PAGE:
Life: AD ? – 421
- Name: Flavius Constantius
- Born in Naissus, birthdate unknown.
- Wife: Aelia Galla Placidia (one son; Flavius Valentinianus; one daughter; Justa Grata Honoria).
- Became emperor in AD 421.
- Died AD 421.
Constantius III was a Roman citizen born at Naissus at an unknown date.
As the ‘Master of Soldiers’ to Honorius he effectively became ruler of the western empire in AD 411.
His rise to power came at a time of desperate weakness by the western empire. Alaric had just sacked Rome in AD 410. His brother-in-law Athaulf still remained in southern Italy at the head of the Visigoths.
The break-away emperor Constantine III had proclaimed himself and his son Constans Augusti in Gaul. Meanwhile their general Gerontius had broken his allegiance to them and set up his own puppet emperor, Maximus, in Spain.
When Gerontius moved into Gaul, killed Constans and laid siege to Constantine III in Arelate (Arles), Constantius III marched into Gaul himself and drove Gerontius back into Spain, laid siege to Arelate himself and captured the city with Constantine III, who was executed shortly after. Gerontius troops mutinied in Spain and murdered their leader, with the puppet emperor Maximus being deposed and exiled in Spain.
After this Constantius III moved back down into Italy and drove Athaulf and his Visigoths out of the peninsula into Gaul in AD 412.
Thereafter in AD 413 he dealt with the rebellion of Heraclianus who had mutinied in Africa and sailed for Italy.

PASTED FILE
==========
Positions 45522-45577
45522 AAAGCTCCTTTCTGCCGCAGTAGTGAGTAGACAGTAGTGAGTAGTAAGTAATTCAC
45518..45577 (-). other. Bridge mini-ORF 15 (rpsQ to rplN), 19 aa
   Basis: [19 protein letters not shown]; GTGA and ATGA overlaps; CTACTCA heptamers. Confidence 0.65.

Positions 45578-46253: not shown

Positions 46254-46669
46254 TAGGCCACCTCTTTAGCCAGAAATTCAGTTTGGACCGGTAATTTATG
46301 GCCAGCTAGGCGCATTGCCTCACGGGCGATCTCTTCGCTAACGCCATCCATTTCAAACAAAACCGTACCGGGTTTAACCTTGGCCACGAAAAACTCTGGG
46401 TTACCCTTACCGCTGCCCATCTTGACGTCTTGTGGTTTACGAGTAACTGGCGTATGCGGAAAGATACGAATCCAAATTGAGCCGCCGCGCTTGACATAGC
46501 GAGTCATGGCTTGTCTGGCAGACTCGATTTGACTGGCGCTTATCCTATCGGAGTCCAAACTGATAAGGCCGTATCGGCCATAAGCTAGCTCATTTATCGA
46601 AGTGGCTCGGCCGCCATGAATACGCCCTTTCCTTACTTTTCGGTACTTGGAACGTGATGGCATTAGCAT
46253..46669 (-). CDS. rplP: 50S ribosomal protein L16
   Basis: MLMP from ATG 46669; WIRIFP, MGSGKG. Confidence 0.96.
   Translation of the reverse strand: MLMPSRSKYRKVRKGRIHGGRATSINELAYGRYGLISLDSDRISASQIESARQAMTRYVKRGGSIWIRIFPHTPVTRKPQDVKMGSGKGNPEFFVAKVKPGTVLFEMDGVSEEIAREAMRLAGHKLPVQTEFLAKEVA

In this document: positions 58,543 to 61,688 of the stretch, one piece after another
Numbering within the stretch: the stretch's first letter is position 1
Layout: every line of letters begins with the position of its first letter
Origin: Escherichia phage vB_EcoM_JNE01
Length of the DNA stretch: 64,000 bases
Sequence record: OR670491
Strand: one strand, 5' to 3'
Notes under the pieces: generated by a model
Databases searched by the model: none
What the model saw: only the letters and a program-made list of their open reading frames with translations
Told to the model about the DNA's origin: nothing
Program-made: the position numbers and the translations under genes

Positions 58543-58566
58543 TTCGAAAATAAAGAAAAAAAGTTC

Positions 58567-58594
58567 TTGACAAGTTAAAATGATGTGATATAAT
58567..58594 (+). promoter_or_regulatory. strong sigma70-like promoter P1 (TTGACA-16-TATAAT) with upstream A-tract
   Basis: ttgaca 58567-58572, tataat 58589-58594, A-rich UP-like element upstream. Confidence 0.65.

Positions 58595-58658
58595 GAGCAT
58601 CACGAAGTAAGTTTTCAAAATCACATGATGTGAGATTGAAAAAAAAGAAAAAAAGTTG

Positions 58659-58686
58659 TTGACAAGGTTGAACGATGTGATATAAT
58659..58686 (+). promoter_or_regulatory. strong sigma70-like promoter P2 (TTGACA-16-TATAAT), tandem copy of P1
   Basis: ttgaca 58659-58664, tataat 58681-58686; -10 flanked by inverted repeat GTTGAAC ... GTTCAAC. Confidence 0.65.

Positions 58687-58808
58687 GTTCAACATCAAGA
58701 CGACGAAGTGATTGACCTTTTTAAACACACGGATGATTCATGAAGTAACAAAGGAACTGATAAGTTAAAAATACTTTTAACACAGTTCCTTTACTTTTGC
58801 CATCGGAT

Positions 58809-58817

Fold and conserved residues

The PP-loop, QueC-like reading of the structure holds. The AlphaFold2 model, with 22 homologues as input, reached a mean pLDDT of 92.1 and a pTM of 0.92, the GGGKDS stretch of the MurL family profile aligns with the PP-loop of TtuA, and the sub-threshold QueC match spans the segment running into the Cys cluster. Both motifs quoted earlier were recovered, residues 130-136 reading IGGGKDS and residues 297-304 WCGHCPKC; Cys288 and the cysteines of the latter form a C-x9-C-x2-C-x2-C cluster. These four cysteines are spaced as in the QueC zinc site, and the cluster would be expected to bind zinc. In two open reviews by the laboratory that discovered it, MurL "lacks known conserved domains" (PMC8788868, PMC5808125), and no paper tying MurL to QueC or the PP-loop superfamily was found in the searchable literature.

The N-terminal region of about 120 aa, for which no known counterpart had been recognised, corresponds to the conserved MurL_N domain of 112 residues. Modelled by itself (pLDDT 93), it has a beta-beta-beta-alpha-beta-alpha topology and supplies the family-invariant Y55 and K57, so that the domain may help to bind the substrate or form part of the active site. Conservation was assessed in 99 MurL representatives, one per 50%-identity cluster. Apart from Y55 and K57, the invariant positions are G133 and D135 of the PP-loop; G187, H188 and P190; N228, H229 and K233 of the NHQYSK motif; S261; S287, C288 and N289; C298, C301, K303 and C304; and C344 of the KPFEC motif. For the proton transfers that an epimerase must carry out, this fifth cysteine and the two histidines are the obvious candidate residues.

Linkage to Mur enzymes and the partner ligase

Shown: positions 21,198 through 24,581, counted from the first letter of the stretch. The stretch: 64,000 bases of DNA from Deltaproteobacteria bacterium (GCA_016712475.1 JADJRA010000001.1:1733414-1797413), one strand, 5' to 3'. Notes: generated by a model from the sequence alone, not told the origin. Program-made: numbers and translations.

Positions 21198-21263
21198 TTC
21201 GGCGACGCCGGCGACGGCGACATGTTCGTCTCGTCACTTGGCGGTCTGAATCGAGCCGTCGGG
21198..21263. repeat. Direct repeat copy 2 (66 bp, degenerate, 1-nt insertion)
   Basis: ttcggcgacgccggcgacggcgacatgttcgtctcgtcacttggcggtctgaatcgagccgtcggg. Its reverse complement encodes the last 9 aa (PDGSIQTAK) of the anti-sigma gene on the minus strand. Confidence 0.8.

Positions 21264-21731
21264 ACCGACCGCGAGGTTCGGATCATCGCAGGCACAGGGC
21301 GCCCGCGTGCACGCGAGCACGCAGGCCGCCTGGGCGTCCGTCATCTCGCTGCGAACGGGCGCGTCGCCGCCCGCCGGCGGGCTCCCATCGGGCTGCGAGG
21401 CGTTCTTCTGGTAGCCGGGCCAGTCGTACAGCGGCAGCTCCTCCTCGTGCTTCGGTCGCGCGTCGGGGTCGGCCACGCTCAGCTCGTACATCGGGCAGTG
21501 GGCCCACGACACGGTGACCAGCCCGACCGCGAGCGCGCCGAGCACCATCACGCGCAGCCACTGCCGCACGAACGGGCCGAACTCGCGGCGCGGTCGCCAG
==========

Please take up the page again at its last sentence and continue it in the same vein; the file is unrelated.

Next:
Meanwhile a deal was struck with Athaulf who defeated a new would-be emperor in Gaul named Jovinus.
In AD 414 though Athaulf at Narbo (Narbonne) married Galla Placidia, the half-sister of Honorius whom Alaric had taken hostage during his sack of Rome in AD 410. This angered Constantius III who had had his own designs on Placidia. Furthermore Athaulf now set up a puppet emperor of his own in Gaul, Priscus Attalus who had already been a puppet emperor for Alaric in Italy.
Constantius III marched into Gaul and forced the Visigoths into Spain and captured Attalus who was paraded through Rome. Athaulf then was murdered and his brother and successor, Wallia, handed Placidia back to Constantius III whom she reluctantly married on 1 January AD 417.
Under Wallia the Visigoths agreed to wage war against other German tribes (Vandals, Alans, Sueves) in Spain for the Romans and were in AD 418 granted the status as federates (independent allies within the empire) and settled in Aquitania.
Constantius III had in effect brought back the western empire from the very brink of disaster. He had governed the western empire for ten years and been Honorius’ brother-in-law for four, when in AD 421 Honorius was persuaded (much against his will supposedly) to reward him by raising him to the rank of co-Augustus of the west. His wife, Aelia Galla Placidia, also received the rank of Augusta.
Theodosius II, emperor of the east, though refused to accept these promotions.
Constantius III was truly outraged at this display of contempt from the east and for a while even threatened war.
But after only seven months of rule as emperor, Constantius III, suffering from a decline in health, died in AD 421.
Historian Franco Cavazzi dedicated hundreds of hours of his life to creating this website, roman-empire.net as a trove of educational material on this fascinating period of history. His work has been cited in a number of textbooks on the Roman Empire and mentioned on numerous publications such as the New York Times, PBS, The Guardian, and many more.